Lovie Yancey, the founder of the popular Fatburger restaurant chain known for huge burgers and music blasting from jukeboxes, has died.
Yancey, who started with a hamburger stand in 1950's Los Angeles
and saw it expand to more than 90 locations across the country and
overseas, died Jan. 26, Fatburger's parent owner Fog Cutter Capital
Group Inc. said in a statement.
The statement did not include information on the circumstances surrounding her death, her age or where she died.
Calls to Fatburger's marketing representative, Elaine Patel, were not returned.
"Lovie Yancey's vision for a restaurant where families can enjoy delicious food while listening to great music has created lasting memories for many generations," Fog Cutter chief executive Andy Wiederhorn said in the statement. "Fatburger's success is a testament to her strong will and work ethic."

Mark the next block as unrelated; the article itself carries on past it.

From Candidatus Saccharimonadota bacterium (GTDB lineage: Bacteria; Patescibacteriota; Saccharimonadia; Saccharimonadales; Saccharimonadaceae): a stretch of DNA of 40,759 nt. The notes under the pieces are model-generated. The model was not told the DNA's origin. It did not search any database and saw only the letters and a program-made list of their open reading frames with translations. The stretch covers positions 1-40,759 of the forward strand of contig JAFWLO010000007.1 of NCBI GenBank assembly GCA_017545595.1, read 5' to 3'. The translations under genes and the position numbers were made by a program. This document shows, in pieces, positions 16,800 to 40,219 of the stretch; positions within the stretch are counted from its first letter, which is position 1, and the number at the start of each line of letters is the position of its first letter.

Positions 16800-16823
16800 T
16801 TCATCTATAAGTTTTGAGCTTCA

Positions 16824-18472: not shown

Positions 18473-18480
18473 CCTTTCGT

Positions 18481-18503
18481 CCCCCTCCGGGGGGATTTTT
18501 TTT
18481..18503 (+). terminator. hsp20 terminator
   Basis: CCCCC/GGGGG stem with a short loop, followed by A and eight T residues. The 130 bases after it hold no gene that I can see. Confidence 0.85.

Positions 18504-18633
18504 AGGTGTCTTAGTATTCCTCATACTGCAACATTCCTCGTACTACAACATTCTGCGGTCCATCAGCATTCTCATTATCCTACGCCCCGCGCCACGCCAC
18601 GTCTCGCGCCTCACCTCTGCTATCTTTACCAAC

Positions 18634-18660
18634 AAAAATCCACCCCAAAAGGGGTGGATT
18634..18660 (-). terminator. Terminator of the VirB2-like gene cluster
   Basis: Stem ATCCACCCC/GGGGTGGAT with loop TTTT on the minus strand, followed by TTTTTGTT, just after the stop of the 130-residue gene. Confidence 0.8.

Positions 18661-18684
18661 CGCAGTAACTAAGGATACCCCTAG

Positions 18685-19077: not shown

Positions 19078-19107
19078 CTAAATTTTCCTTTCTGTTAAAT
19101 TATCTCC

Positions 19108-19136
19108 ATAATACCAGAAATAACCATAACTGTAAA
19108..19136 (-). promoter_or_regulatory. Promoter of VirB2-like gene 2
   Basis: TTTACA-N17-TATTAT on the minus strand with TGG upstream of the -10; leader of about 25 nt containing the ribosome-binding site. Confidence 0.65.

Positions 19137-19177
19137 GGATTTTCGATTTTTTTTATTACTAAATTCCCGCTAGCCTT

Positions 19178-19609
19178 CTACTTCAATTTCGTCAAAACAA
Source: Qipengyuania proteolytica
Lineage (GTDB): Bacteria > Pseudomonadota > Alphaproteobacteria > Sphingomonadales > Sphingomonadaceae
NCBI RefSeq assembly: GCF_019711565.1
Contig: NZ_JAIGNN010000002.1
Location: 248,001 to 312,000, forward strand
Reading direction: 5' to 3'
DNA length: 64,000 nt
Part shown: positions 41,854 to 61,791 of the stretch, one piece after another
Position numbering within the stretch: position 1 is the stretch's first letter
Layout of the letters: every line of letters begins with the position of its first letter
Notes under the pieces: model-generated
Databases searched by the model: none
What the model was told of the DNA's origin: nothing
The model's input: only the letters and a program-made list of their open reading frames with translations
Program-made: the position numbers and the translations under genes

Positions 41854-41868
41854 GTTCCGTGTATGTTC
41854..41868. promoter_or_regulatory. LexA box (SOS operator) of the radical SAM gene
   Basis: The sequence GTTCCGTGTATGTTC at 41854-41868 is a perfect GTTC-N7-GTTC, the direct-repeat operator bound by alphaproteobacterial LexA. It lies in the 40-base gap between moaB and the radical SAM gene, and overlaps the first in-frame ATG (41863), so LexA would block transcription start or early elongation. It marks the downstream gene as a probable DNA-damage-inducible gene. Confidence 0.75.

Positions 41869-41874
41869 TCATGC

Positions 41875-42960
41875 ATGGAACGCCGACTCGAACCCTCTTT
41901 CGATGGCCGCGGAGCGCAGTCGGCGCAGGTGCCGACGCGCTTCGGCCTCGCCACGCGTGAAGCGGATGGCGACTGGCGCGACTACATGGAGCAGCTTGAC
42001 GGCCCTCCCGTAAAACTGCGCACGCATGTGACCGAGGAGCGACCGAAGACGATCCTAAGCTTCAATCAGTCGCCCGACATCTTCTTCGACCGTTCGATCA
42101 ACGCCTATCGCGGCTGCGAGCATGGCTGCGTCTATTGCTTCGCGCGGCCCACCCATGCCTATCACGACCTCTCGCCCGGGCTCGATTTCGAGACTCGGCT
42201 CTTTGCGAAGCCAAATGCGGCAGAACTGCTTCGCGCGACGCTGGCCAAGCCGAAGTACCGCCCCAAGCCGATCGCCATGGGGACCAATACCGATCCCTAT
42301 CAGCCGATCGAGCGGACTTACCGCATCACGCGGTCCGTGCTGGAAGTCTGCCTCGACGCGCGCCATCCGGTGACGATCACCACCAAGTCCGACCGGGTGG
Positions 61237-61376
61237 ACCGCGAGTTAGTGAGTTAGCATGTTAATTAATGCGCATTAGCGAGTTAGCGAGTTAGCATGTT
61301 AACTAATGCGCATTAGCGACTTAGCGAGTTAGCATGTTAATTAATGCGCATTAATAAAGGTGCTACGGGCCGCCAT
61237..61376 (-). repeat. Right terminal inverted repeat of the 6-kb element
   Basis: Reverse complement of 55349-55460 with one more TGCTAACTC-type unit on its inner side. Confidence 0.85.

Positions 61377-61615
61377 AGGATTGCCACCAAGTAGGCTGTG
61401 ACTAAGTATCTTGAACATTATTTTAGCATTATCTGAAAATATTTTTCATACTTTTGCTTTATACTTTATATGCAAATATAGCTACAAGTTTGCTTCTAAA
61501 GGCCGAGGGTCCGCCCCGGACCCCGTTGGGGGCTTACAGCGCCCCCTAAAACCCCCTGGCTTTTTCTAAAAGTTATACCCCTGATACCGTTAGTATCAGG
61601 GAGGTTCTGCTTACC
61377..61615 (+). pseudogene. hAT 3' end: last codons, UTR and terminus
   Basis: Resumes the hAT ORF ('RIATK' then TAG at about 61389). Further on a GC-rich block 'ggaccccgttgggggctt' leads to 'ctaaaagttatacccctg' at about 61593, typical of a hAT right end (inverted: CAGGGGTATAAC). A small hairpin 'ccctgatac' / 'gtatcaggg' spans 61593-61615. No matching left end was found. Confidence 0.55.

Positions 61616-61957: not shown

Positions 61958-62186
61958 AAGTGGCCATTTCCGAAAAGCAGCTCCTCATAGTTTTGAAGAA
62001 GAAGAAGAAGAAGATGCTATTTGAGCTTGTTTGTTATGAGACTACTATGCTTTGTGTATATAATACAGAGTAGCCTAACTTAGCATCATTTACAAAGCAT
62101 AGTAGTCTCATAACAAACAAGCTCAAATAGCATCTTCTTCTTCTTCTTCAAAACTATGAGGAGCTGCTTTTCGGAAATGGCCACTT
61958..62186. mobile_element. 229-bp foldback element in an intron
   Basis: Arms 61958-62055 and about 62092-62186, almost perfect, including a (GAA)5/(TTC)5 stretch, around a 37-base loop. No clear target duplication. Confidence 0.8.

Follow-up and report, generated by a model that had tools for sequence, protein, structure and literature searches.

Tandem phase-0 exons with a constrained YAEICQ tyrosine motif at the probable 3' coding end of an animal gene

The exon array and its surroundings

In 1947, Yancey opened her first stand near downtown with a partner, calling it Mr. Fatburger. They parted ways five years later, and Yancey changed the business name to Fatburger with sights on expanding it. For her efforts, Yancey was recognized as a trailblazing black businesswoman of her time.
She turned cooked-to-order burgers made from fresh instead of frozen patties, onion rings and thick fries trademarks of a Fatburger restaurant. A music lover, she also put jukeboxes in the restaurants to keep it lively.
Her flagship location in Beverly Hills drew many celebrity diners, some of whom went on to invest in the franchise. Earvin "Magic" Johnson invested in the restaurant chain for several years, then sold his majority stake in 2003 for $6 million to Portland, Ore.-based Fog Cutter.
Queen Latifah helped invest in a Fatburger in Miami, and musician Pharrell Williams has partnered with the chain to open Fatburger's first 10 locations in China.
Fog Cutter did not release information on Yancey's survivors, or plans for her memorial service.
(Copyright 2008 by The Associated Press. All Rights Reserved.)